I finished Jose Saramago's All The Names, which I had posted on earlier, describing it as Gogol's Diary of a Madman meet Terry Gilliam's Brazil. I haven't revised that earlier impression but can add this:
About sixty pages into this book, I found myself getting annoyed with the lead character's naivety. A clerk in a vast bureaucracy becomes obsessed with tracking down an anonymous woman, merely as a result of his coming in contact with her card in the files that hold the identity, birth, marriage and death of every person in an unnamed city. The clerk is a man of little originality, no imagination, and a basic education. He has no living family and no pastimes aside from assembling files at home from famous people's cards. His small sphere as well as a life lived without any risk by force of habit, limits his options in tracking down his obsession. The result begins to produce conflict in the clerk, but rather than providing drama, in this case his stupidity irritated me for quite a while, but I stuck with it and my perspective soon changed a second time. His search becomes quite surprising, suspenseful, and touching in ways which I won't spoil, and the book takes on a more philosophical flavor, exploring the value of an ordinary life, what the act of recording means and how much must we "record" to know a person. The excerpt will give you an idea of the breathless monologue style of the narrative. Even the dialogue is written this way - no quotes, no line break - just commas.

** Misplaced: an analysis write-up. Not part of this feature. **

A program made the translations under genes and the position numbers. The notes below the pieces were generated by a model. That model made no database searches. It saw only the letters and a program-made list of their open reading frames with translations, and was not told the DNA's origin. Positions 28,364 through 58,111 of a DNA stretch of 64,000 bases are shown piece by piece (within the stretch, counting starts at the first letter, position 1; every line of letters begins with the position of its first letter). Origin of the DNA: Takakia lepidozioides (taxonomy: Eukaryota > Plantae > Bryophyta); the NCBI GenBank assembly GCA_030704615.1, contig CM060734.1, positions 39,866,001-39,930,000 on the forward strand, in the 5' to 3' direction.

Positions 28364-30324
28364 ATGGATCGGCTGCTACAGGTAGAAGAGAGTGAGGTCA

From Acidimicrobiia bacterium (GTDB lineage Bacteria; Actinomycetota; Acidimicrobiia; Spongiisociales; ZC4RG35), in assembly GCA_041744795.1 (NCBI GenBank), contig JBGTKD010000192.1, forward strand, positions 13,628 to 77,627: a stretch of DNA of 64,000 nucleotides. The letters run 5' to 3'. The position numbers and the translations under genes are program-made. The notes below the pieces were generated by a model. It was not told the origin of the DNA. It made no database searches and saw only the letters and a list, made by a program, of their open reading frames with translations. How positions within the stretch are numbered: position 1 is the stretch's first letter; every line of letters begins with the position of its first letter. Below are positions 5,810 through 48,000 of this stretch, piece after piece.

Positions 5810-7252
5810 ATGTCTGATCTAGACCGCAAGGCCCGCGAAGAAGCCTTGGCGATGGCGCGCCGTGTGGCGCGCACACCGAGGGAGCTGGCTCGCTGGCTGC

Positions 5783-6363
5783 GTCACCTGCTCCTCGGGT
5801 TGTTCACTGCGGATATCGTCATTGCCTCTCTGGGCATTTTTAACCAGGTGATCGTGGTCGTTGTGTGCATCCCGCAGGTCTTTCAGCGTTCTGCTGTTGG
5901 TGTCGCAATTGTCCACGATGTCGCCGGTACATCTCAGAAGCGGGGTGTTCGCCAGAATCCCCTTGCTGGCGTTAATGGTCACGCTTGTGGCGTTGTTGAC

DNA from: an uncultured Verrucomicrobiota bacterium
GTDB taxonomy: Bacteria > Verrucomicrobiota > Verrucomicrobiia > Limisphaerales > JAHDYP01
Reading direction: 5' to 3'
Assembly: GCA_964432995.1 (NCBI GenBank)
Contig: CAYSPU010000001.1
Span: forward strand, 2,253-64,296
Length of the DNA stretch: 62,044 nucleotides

...Well, when you think about it, their lives [famous people's] are always the same, they never change, they appear, they talk, they show themselves off, they smile for the photographers, they're always arriving or departing, Just like us, Not like me, Like you and me and everyone, we all show ourselves off in various places, we talk, we leave our homes and come back, sometimes we even smile, the difference is that no one takes any notice of us, We can't all be famous, Just as well, imagine if your collection were as big as the Central Registry, It would have to be even bigger, the Central Registry only wants to know when we're born and when we die, and that's about it, Whether we marry, get divorced, widowed or remarried, the Central Registry has absolutely no interest in finding out if we were happy or unhappy while all that was going on, Happiness and unhappiness are just like famous people, they come and they go, the worst thing about the Central Registry is that they're not interested in what we're like, for them we're just a piece of paper with a few names and dates on it...
For this lonely man making the effort of relating to and knowing another person is an enormous risk. In some ways, I suppose, it is truly the ultimate risk for us all and that's what this story is about. The book is a thoughtful one, at times quite comic and at others contemplative. It was a useful context to visit the graves of stone age men and women in Ireland, while reading this story.
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